LIVE TO EAT: Opening day in Cincinnati, a Skyline Chili Cheese Coney giveaway and my recipe for Vegetarian Cincinnati Chili.

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Baseball is back, and finally life makes sense again.

I wrote a brief post over at Food & Dining Magazine’s web site about chili and baseball: Score a Free Skyline Chili Cheese Coney.

My mantra often is misunderstood. It’s “Death to Chains, Except for Skyline,” and that’s because we all have our exceptions in life. I’ve never been a Reds fan as such, but a ballgame in Cincinnati with Skyline (or other local options discussed below) and Hudepohl (okay, maybe Little Kings Cream Ale) touches all the traditional bases for me in some inexplicable but fulfilling way.

And: It’s a style of chili, so spare me your outraged blather. While traveling in Central Europe I’ve had dishes called goulash served in a variety of ways, united only by the use of paprika. So it goes with chili powder. The article link is followed by my recipe for Vegetarian Cincinnati Chili, which is a year-round mainstay of the 1117 East Spring Street Neighborhood Association.

Play ball, damn it.

Is Cincinnati chili actually chili? A dive into the city’s most famous dish, by Nick Kindelsperger (Chicago Tribune)

You can order Cincinnati chili with just spaghetti (chili spaghetti or a 2 way), but most people go with at least a 3 way, which adds shredded cheddar cheese. Go with a 4 way, and you can add either diced onion or beans. A 5 way includes both. Nick Kindelsperger toured Cincinnati’s chili houses, coming up with these five recommended versions. You’ll find they look all alike, but the differences are clear when you plunge in your fork.

By any reasonable definition, Cincinnati chili is not chili. It’s served on a plate. You eat it with a fork. It’s ladled on spaghetti and topped with an avalanche of shredded cheddar that blankets the entire top, concealing almost all the chili underneath. Most damning, there are hardly any chiles in the mix. And isn’t that why it’s called chili in the first place?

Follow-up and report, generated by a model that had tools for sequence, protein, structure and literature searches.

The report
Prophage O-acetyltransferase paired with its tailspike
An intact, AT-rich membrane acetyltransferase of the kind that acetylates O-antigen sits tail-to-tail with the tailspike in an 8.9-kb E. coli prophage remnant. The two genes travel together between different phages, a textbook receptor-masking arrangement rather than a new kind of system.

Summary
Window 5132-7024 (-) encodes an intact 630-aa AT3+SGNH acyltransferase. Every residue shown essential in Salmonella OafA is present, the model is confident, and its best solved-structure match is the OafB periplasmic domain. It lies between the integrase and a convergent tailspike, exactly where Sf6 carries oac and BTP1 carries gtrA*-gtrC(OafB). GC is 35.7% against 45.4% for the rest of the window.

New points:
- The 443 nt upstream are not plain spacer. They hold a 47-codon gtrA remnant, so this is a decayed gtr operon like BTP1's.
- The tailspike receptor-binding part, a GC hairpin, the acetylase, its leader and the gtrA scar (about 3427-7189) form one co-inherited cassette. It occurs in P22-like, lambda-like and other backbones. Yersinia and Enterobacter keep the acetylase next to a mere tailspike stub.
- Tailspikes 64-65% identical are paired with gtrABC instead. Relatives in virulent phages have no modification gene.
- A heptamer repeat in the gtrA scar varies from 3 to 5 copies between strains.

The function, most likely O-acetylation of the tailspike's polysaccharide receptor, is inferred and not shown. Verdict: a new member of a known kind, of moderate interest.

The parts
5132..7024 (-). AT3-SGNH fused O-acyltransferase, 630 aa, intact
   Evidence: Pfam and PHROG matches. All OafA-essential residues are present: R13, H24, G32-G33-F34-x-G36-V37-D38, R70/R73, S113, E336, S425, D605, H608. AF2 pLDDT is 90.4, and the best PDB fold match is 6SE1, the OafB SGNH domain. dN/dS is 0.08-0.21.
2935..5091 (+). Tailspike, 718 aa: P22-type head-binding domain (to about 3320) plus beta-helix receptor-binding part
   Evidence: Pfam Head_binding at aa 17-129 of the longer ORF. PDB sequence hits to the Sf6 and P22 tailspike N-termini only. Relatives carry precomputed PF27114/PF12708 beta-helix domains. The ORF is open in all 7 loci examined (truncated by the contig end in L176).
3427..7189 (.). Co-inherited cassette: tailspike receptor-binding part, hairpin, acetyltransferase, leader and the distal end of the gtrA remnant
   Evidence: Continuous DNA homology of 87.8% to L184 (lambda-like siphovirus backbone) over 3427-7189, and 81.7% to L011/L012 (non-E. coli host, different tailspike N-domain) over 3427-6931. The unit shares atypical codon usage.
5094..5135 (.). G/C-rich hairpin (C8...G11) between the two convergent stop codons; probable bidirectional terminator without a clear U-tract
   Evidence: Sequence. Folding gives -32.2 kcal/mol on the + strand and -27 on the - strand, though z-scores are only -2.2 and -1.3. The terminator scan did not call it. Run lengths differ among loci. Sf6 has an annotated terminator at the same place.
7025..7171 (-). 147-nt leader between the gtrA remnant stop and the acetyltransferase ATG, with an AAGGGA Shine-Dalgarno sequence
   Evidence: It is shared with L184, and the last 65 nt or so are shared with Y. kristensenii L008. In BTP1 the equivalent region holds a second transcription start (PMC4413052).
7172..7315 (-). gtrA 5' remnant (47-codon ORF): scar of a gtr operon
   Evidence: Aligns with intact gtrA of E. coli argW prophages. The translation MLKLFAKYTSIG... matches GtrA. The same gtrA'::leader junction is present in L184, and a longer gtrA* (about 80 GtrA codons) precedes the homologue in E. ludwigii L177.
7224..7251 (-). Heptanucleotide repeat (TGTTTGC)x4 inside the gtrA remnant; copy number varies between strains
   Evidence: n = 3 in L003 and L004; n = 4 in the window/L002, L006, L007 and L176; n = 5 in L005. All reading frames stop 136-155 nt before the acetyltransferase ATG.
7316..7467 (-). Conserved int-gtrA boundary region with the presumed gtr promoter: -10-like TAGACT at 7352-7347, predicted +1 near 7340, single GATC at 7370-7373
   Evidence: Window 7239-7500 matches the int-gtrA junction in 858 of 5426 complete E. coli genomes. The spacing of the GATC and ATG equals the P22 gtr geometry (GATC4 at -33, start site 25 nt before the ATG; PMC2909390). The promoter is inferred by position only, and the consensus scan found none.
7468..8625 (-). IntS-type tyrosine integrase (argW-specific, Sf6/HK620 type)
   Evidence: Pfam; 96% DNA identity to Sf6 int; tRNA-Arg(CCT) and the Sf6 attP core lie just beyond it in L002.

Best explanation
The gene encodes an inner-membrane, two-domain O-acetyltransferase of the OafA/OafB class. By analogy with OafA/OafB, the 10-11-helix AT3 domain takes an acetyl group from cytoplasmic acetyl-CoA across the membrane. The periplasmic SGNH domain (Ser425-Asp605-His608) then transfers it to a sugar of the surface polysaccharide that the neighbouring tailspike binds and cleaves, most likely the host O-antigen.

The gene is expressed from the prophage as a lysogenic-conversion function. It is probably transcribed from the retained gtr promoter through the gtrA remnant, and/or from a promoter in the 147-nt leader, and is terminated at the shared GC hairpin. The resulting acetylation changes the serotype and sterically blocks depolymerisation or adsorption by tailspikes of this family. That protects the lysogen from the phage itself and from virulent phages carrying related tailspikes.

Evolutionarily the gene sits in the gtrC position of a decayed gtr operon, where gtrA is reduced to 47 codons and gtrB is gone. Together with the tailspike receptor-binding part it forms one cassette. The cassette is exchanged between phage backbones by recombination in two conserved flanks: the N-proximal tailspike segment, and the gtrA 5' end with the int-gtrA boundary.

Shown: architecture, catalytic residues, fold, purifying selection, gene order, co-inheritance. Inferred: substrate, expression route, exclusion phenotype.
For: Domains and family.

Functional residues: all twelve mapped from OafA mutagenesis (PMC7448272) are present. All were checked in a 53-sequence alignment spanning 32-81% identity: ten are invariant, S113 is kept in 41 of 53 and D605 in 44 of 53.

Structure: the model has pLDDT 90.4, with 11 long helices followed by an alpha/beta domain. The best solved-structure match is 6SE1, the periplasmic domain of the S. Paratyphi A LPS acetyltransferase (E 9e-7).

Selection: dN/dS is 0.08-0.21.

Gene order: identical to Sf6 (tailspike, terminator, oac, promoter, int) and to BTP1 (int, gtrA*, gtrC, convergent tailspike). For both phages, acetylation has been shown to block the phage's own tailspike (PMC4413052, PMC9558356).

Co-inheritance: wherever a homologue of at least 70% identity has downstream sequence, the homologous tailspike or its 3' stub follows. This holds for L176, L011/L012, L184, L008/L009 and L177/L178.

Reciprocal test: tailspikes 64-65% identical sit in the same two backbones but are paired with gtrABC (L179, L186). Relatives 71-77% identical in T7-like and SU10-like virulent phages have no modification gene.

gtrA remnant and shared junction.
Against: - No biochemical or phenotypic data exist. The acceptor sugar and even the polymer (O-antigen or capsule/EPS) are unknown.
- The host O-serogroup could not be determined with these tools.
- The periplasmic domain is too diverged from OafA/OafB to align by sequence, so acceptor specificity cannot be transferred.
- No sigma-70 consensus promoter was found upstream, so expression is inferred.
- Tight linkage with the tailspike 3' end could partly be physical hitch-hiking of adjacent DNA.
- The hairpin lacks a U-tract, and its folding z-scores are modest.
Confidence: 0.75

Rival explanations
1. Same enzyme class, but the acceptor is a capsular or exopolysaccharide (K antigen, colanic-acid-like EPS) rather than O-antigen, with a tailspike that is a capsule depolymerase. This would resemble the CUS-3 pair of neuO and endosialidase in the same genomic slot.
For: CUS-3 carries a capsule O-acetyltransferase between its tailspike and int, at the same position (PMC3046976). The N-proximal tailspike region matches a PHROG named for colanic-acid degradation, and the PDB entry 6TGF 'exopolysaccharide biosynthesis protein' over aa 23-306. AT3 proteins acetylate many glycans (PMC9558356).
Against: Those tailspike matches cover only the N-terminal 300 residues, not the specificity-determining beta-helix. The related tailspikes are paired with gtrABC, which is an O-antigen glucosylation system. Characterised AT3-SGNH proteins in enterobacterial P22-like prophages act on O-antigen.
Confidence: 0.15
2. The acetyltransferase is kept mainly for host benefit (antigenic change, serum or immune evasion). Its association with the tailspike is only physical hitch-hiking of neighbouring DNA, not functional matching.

If this all sounds like the beginning of an epic slam against a beloved regional Midwest dish, the kind we’ve been exploring all month, set down your freshly sharpened pitchforks. I’ve been a fan since my first bite in college. When I lived in London for six months, my mom regularly mailed me cans of the stuff to tide me over. I am a convert.

But until I swung by Cincinnati recently for a madcap, 24-hour chili tour, I’d never really considered just how little the dish had to do with what most people consider chili …

And now, the recipe.

Vegetarian Cincinnati Chili

4 – 6 “medium” servings, which translates to 4 for us

This recipe is from my late mother’s file, via the Mulloys, her next-door-neighbors. I’ve revised it to use kidney beans in place of the ground beef, so if you take your Cincinnati-style chili with meat or without beans, this recipe may not be for you.

Chili fixings

Olive oil or other cooking oil

2 medium yellow onions, peeled and chopped

4 cloves garlic, peeled and chopped

Approx 24 to 26 ounces of liquid. My mother’s recipe called for water, but this isn’t the way I cook. After many years of experimentation, I’ve settled on 12 ounces of beer and a 14-oz can of veggie broth. American Pale Ale works well, as does just about any malty beer. Feel free to be creative.

1 & ½ teaspoons apple vinegar
1 teaspoon Worcestershire sauce
2 tablespoons chili powder
2 teaspoons cumin
1 & ½ teaspoons allspice
1 & ½ teaspoons salt
1 teaspoon cayenne pepper
1 teaspoon cinnamon
2 bay leaves
1 tablespoon tomato paste
1 can Rotel (habanero; 10-oz)
1 can Rotel (green chili; 10-oz)

3 cans (16 oz) of dark or light kidney beans, rinsed

Saute chopped garlic and onions in oil until tender; a few minutes.

Add the remainder of the ingredients except kidney beans. Bring to a boil, then lower the temperature and simmer for two hours.

After two hours, add beans, again bringing chili to a boil before reducing temperature to simmer. Cook for another 45 minutes.

To serve

Boil and drain a box of spaghetti
Grate some cheddar cheese
Chop a couple of onions
Have on hand some hot sauce on the Skyline model, or Tabasco, or something in that vein. Be sure you use oyster crackers

Serve the chili atop the spaghetti and dress it out.

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